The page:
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Game of Thrones recap: Arya gets her revenge in the season 4 premiere

The much-hyped fourth season of Game of Thrones is finally here. With legions of fans all over the world, it’s easily the most popular television show at present. But how did the season 4 premiere fare?

Well it didn’t disappoint.

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The episode opened with a two-minute recap of what has happened in the show so far. Well the recap is more like an obituary featuring the show’s most brutal scenes including Ned Starks’ beheading at Balor, the Red Wedding (duh?!) and that time when Jamie’s right hand was cut off.

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What has become of high school stereotypes? Revisiting The Breakfast Club

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Director: John Hughes
Screenplay: John Hughes
Cinematography: Thomas Del Ruth
Cast: Molly Ringwald, Judd Nelson, Anthony Michael Hall, Ally Sheedy, Emilio Estevez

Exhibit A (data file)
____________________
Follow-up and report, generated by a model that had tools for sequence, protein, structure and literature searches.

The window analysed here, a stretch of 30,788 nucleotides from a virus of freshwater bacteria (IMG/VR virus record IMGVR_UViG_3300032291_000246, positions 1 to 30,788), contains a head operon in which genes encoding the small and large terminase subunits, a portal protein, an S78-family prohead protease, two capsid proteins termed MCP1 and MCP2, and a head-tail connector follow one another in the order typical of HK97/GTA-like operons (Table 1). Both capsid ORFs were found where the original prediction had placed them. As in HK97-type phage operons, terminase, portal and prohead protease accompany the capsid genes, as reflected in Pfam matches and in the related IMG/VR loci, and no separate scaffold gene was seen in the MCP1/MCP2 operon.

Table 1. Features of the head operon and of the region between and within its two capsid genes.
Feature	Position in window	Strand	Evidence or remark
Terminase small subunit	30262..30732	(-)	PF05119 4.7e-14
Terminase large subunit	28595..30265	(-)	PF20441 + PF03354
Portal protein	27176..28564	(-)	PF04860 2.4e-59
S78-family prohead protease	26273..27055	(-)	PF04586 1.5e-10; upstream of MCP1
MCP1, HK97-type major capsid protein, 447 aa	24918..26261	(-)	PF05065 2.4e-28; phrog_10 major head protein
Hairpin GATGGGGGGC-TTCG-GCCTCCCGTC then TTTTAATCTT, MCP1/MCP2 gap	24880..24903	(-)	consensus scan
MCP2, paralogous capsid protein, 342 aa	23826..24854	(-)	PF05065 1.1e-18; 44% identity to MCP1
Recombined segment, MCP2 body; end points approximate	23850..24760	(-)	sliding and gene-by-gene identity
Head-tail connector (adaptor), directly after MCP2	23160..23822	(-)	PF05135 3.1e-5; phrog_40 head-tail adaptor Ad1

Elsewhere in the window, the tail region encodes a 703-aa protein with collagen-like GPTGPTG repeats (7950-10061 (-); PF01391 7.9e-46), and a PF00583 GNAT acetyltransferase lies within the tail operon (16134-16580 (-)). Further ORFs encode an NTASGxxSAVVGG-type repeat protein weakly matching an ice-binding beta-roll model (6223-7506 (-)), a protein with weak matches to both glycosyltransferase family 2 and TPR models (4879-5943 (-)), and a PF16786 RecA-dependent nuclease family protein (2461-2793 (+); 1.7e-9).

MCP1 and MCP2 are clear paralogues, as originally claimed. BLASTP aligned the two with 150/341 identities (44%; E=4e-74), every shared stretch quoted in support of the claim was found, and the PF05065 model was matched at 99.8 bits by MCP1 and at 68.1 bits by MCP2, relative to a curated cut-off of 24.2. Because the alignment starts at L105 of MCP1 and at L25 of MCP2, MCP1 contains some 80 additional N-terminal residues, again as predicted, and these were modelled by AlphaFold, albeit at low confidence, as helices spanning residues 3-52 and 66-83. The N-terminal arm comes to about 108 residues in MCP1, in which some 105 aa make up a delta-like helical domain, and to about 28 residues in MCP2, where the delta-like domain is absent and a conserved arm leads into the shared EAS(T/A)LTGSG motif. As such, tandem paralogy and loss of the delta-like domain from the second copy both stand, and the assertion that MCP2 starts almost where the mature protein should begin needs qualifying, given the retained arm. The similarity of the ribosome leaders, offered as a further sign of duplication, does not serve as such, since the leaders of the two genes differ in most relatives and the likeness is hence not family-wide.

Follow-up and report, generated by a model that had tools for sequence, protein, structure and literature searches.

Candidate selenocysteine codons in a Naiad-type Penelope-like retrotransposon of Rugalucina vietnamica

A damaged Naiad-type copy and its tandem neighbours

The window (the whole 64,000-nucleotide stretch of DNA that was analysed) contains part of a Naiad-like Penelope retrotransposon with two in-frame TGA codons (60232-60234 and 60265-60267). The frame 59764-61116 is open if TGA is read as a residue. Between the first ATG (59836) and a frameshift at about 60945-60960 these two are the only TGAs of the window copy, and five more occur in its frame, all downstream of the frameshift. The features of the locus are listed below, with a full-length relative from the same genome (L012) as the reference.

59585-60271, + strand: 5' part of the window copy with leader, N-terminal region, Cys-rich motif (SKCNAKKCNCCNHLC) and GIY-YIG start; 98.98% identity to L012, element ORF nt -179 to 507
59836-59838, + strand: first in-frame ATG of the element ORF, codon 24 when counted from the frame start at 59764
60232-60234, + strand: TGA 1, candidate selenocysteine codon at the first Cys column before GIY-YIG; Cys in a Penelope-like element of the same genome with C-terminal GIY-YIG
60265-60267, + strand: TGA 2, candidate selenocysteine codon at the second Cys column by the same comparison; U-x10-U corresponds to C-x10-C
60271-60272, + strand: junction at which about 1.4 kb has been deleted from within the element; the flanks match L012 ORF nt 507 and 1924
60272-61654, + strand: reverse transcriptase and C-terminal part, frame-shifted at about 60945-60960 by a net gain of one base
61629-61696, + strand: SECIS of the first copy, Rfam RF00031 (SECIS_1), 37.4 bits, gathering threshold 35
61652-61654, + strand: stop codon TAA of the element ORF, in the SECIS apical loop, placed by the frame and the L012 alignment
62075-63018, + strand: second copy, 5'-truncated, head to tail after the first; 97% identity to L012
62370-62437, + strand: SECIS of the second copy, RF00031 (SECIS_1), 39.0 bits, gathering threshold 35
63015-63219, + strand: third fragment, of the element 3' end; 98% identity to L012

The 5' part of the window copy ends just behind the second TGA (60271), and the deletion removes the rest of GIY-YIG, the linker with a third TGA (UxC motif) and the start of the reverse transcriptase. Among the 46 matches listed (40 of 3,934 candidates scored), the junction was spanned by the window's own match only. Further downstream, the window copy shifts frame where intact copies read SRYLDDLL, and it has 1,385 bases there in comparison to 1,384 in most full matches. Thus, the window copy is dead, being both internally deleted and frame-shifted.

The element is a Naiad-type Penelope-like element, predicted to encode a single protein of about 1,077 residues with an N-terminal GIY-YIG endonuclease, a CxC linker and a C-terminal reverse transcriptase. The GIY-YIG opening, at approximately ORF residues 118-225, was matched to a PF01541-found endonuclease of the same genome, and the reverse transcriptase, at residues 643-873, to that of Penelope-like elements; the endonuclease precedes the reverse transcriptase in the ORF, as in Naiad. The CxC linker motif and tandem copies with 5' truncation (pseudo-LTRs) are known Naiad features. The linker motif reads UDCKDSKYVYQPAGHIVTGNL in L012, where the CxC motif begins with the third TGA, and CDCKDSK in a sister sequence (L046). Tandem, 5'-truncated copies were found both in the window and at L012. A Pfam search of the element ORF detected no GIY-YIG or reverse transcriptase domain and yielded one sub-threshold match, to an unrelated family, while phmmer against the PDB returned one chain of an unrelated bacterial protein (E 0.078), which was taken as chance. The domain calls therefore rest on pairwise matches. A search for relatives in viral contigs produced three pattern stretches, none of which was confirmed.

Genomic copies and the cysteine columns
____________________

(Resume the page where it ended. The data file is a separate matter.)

What hasn’t been said about The Breakfast Club? It is the quintessential high school film that effectively translated the inner turmoil of a high school teen into a glorious 97-minute story that everyone can understand and relate to. It is the precursor of teen movies, taking its root in the successful formula: that is to deconstruct the archetypal roles seen in high school. More recent teen movies, such as Pitch Perfect and Easy A, pay homage to this movie, and who can blame them? The glory of the high school movie genre began with The Breakfast Club.

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The premise is simple: five high school students went to school on a Saturday to serve detention, namely Brian Johnson (Anthony Michael Hall), the Brain; Andy Clark (Emilio Estevez), the Athlete; Bender (Judd Nelson), the Criminal; Allison Reynolds (Ally Sheedy), the Basket Case; and Claire Standish (Molly Ringwald), the Princess. They are all kept in a room, and considering their different backgrounds (in high school, it was more like a caste system), they didn’t get along with each other so well. The audience is given a glimpse into each one’s quirks, most of which were compatible with their own social labels – nothing surprising there. The dandruff scene is comedy gold. But what made the movie an essential high school movie is how it played with the stereotypes, not just with deconstruction, but also with how one stereotype interacted with another. Locked in one room from 7 AM to 4 PM, will they all come out alive? The alternative of their pulling a Battle Royale might be epic, too, now that I think about it, but what happened in that room, and how they changed each other is more significant.